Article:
“With worms you played more fairly with the trout. You offered him what he wanted most. You bet a worm and he wagered himself. If the trout lost, he usually had the worm, or most of it, not just a mouthful of deception to add bitterness to surrender. Fly-fishing, comparatively, was a cheap fraud in which the victim staked his all against an utterly inedible jigger that looked like something it wasn’t. The trout could not possibly gain anything; he could lose everything on nothing more estimable than vanity. The sole death-bed comfort he possibly could derive was the knowledge that he had been hooked by a purist. It is easy to understand why a politician might come to prefer flies” — Frederick Van de Water, In Defense of Worms and Other Angling Heresies (New York: Duell, Sloan and Pearce, 1949), pp.71-72.
“…[I]t perhaps adds to the spirit and emphasis of our dissent when we are told that fly-casting for trout is the only style of fishing worthy of cultivation, and that no other method ought to be undertaken by a true fisherman. This is one of the deplorable fishing affectations and pretenses which the sensible rank and file of the fraternity ought openly to expose and repudiate. Our irritation is greatly increased when we recall the fact that every one of these super-refined fly-casting dictators, when he fails to allure trout by his most scientific casts, will chase grasshoppers to the point of profuse perspiration, and turn over logs and stones with feverish anxiety in quest of worms and grubs, if haply he can with these save himself from empty-handedness. Neither his fine theories nor his exclusive faith in fly-casting so develops his self-denying heroism that he will turn his back upon fat and lazy trout that will not rise” — former President Grover Cleveland, “Some Fishing Pretenses and Affectations,” in Fishing and Hunting Sketches (New York: Outing Publishing, 1907), pp.122-123.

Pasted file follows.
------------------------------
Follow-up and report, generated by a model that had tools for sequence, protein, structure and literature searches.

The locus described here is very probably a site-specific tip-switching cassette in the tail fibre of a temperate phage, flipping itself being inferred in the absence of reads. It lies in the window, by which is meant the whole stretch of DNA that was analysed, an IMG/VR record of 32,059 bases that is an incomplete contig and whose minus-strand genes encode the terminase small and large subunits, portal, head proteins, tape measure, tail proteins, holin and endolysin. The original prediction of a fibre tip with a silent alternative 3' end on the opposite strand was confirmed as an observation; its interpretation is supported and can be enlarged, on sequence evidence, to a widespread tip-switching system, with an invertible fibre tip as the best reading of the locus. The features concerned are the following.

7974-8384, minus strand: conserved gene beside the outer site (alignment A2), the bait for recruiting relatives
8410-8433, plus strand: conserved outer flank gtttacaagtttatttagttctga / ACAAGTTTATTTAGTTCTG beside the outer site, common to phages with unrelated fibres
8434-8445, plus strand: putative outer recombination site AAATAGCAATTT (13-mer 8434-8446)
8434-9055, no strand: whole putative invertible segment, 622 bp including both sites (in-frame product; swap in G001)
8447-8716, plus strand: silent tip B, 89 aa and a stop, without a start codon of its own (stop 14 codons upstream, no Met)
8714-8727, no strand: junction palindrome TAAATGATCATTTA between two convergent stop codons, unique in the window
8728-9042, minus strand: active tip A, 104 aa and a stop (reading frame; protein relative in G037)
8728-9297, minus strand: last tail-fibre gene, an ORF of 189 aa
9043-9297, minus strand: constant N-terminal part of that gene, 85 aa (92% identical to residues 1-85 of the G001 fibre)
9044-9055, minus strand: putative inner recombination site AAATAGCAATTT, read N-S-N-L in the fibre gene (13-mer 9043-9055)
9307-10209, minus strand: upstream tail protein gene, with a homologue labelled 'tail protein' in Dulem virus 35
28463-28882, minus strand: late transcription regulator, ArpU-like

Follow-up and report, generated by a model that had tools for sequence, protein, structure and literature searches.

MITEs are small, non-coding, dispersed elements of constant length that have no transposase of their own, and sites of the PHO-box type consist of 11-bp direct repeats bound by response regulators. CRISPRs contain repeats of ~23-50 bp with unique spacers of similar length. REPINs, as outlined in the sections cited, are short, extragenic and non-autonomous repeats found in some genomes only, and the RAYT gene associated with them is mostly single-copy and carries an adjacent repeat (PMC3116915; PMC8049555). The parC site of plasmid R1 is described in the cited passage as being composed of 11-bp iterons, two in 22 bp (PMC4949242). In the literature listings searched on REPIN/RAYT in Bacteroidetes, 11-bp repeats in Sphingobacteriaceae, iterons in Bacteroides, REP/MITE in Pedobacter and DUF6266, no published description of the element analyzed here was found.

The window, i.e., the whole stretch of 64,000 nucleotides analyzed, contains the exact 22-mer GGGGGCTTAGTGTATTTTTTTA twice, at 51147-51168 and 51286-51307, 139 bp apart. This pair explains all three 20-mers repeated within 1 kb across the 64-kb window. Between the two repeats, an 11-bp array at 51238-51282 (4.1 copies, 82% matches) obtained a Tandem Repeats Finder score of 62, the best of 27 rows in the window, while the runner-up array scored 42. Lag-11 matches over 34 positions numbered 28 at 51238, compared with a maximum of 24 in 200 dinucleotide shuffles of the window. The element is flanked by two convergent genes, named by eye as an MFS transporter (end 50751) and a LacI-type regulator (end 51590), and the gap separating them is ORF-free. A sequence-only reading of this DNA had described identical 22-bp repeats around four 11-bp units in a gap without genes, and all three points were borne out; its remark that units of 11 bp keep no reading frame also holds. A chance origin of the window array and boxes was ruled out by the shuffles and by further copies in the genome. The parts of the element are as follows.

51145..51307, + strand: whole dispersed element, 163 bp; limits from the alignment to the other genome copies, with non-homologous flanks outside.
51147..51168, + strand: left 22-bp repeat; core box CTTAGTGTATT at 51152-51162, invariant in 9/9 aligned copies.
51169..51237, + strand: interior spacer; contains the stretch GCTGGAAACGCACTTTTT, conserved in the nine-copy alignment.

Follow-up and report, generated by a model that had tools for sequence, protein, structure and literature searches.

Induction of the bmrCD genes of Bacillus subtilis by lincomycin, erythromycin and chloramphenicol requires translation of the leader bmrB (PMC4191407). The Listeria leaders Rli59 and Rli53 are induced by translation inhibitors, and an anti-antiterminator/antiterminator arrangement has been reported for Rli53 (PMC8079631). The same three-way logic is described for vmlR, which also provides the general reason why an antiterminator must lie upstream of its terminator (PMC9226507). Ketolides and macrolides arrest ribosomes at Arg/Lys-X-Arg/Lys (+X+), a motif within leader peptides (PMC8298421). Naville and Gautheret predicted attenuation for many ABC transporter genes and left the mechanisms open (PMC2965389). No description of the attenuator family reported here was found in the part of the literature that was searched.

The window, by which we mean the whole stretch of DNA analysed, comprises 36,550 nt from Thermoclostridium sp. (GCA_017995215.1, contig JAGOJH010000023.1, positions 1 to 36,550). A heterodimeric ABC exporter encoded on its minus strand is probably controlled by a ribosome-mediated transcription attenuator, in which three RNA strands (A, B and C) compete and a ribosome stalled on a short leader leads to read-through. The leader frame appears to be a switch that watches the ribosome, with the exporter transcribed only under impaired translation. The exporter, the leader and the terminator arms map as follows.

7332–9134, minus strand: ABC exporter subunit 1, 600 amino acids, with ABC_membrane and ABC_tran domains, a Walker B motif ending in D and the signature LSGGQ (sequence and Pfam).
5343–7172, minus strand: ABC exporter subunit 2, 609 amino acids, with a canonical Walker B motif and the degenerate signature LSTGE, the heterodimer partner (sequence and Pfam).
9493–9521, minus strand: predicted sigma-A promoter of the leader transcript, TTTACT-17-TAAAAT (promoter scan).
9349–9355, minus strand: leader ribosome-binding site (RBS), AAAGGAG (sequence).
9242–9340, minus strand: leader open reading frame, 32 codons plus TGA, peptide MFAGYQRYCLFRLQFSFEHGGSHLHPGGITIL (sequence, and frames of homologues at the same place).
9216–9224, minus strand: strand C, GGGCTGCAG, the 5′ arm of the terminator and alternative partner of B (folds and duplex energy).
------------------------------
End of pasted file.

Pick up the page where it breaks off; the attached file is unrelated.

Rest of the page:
When it was discovered that the President used worms rather than flies when he went fishing in the Adirondacks, as he had done all his life, some “professional” fly-casters were appalled. It should be beneath the dignity of the President, they huffed. A few among the press even encouraged the sensationalism with stories recounting this supposed affront to the sport of fishing. Coolidge and his regular fishing partner, Secret Service man Edmund Starling (who introduced Cal to fly-fishing), knew better, as did most of those who practiced the noble sport. It was much ado about nothing for anyone aware of the joy and challenge found along countless streams, rivers and waterways. Bait fishing was the sport at its most fundamental, removed of all pretense or snobbery. It relied not on the sophistication of equipment or the scientific precision of the caster but on the simple gambit that occurs whenever human nature matches wits with fish. Through bait fishing, the challenger swimming at the other end of that line and rod was rewarded not with empty promises or mere guile and deception but with a return for its efforts, should it elude capture. This showed a natural respect for the fish as well as a human’s place in nature. Surrounded in the majesties of the outdoors, it only made common sense for men who lived simply, as Coolidge did, free of ostentation, vanity or the need to impress others, to fish consistently with that manner of life. It lived in step with nature not against it. Just as Frederick Van de Water and Grover Cleveland put it, the fly-caster may look down on bait fishing but when the best cast fails and the fish refuse to fall for the fly, all default to good bait. The simple forthrightness of this truth strips the veneer off a politician’s guarantees just as effectively as a fly-caster’s attitude of superiority over his method.